If liquidity and low minimum investment thresholds are top priorities, no one can beat ANote Music for music royalty investing. Based out of Luxembourg, the platform operates entirely on Euros, but is open to Americans. It already has a small library of competitive investment options that continues to gradually expand.
|Potential Appreciation||Possible appreciation and possible depreciation|
|Investor Requirements||No accreditation requirement|
|Liquidity||Good – Secondary market is present, with limited trading hours|
|Other Highlights||Life of copyright assets can produce yield for 70+ years|
If you’d like to learn more, we have a comprehensive overview down below.
- What Is ANote Music?
- How Does Investing On ANote Music work?
- Frequently Asked Questions About ANote Music
- I Live In The US. Can I Still Invest In ANote Music's Offerings?
- How Are Cryptocurrencies Used On The Platform?
- Do Significant Events In The Cryptocurrency Space Impact The Safety Or Value Of My Investments On ANote Music?
- Are These Offerings SEC-qualified?
- Are There Any Foreign Exchange (FX) Hedging Techniques Used?
- Learn More
- ANote Music Referral Code
ANote Music is a Europe-based music royalty investment platform. It is built on a two-sided marketplace model. On one side are investors looking for diversification, yield, and passive income opportunities. On the other side are artists and music rights holders looking to capitalize on the future long-term earning potential of their assets.
How Does Investing On ANote Music work?
ANote Music has both a primary and secondary listing market for music royalties. All listings are for shares of catalogs of music assets.
The primary market is where all brand-new listings debut. The ANote team targets having new catalog offerings available roughly every two months. Listings on the primary market follow a Dutch auction model.
Since all new assets debut through an auction, it is important to understand how they work.
New assets will have a starting price, a target total amount for the auction, and a time limit. In the most recent auctions, the targets have been quickly reached. This suggests that anyone planning to participate should assume the minimum threshold will be reached and that demand will continue past the starting price.
Once the minimum threshold has been met, new bids can still be entered. In order to secure shares, these subsequent bids will need to come in at a higher price. These higher-priced bids will displace the earlier, lower-priced bids. A significant number of bids may come in for an asset, resulting in a lot of action in the auction.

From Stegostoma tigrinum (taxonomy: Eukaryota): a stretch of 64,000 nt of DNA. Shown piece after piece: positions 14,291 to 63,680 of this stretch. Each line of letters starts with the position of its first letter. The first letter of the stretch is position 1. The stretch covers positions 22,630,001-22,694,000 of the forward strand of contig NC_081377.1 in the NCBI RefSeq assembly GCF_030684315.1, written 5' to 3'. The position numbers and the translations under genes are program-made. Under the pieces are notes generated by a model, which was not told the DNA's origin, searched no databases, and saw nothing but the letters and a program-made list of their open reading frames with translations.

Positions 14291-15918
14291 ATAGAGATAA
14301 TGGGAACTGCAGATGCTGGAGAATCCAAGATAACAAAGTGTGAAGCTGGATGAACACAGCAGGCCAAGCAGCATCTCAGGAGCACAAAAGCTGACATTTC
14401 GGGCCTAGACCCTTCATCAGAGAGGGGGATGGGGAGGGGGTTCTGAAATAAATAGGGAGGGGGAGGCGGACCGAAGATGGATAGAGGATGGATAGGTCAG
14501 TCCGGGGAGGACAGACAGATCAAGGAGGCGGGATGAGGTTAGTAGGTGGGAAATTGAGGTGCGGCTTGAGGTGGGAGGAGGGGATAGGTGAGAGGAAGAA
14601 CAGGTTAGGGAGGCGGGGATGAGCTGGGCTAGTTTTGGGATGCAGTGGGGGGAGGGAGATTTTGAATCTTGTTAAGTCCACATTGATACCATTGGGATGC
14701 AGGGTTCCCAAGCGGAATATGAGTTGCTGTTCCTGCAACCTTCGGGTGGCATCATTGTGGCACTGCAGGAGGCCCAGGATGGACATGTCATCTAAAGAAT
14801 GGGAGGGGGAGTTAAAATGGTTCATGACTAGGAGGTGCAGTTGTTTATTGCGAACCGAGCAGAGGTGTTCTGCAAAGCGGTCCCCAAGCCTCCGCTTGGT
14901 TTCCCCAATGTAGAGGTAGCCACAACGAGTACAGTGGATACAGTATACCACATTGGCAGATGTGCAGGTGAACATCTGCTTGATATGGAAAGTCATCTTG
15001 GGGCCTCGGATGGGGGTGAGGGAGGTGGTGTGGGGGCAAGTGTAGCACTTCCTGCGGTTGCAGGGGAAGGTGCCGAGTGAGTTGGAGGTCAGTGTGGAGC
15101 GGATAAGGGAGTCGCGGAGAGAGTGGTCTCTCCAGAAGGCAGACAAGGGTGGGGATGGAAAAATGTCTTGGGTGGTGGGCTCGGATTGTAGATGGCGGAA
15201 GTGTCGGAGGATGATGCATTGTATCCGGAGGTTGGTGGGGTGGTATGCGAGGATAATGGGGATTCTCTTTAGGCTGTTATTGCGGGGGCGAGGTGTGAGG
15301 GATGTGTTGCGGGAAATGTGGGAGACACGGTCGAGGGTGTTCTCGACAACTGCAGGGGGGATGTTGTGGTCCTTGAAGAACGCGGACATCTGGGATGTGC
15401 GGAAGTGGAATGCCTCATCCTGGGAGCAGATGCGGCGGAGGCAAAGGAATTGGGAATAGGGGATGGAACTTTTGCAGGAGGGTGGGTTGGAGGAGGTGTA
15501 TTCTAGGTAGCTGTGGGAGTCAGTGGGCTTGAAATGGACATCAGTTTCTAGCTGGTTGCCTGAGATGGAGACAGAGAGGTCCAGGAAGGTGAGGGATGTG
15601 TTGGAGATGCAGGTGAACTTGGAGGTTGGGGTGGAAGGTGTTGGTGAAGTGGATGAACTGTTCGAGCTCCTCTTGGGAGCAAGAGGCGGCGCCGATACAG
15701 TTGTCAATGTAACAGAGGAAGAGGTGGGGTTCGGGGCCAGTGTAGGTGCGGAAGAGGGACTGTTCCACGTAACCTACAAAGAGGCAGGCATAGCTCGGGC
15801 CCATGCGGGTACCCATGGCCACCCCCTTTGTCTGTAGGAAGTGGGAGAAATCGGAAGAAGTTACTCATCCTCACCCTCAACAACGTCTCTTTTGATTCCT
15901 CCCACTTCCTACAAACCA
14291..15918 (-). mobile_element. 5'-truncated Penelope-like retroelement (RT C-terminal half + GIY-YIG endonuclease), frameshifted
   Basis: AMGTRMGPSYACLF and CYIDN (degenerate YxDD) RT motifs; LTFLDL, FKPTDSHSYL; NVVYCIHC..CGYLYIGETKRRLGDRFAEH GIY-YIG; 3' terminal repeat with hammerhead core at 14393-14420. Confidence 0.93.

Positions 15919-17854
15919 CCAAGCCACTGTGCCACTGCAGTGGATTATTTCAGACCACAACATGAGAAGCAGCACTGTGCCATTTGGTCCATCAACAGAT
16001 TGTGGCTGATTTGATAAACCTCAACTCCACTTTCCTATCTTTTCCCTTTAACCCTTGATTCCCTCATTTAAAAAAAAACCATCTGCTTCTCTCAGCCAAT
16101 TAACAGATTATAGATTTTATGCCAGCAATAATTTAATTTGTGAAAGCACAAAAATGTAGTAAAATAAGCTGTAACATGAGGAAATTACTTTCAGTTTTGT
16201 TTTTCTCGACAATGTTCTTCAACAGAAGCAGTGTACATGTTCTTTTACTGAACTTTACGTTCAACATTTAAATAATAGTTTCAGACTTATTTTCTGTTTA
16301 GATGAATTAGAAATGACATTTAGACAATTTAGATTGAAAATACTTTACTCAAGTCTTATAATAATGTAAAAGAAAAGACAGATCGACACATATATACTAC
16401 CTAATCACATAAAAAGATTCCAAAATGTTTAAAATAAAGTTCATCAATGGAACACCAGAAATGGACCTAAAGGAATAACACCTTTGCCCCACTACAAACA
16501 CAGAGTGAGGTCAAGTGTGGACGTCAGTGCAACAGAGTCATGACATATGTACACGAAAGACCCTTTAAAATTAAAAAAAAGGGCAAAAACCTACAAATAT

All of the action comes to an end once the time expires. Once the auction has ended, all of the entered bids will be sorted by price-per-share, from highest to lowest. The system will then go through that list from the top-down, counting shares. After all the available shares have been accounted for, the system stops.
That very last bid that the system stopped on is what determines the final price-per-share. The final price per share is what all winners of the auction will actually pay, even if they had bid significantly higher.
Shares have often traded for higher prices in the secondary market than their final auction price. This is mostly for a variety of market factors, rather than a change in the underlying value of the asset. However, it does mean that if there’s an asset for auction on the primary market that you like, it may be the most cost-efficient opportunity to purchase shares.
There is also a secondary market to purchase shares of previously launched catalogs.
On the listing page of any existing asset on the platform, you’ll see the current price, as well as buy and sell buttons. The buttons will show the price from the top of the offer book. It won’t, however, show you how many shares are available at that price.
To find more information, you can look below those buttons. There you’ll also see a limited snippet of the order book. It shows the top two buy and the top two sell orders. It includes the prices of those orders and the number of shares associated with each. There’s also a button you can click to see the full order book.
When looking at the full order book, you can see all the registered buy and sell orders. It also provides a sense of what the overall liquidity is. In this example, there are 304 shares listed for sale. Of those, 24 shares are exorbitantly priced. That leaves us with 280 shares that can be immediately purchased without meaningfully impacting the price. There are only 76 shares in the buy orders, with prices dropping quite quickly. In the current market condition, it is much easier to purchase than to sell around the current price.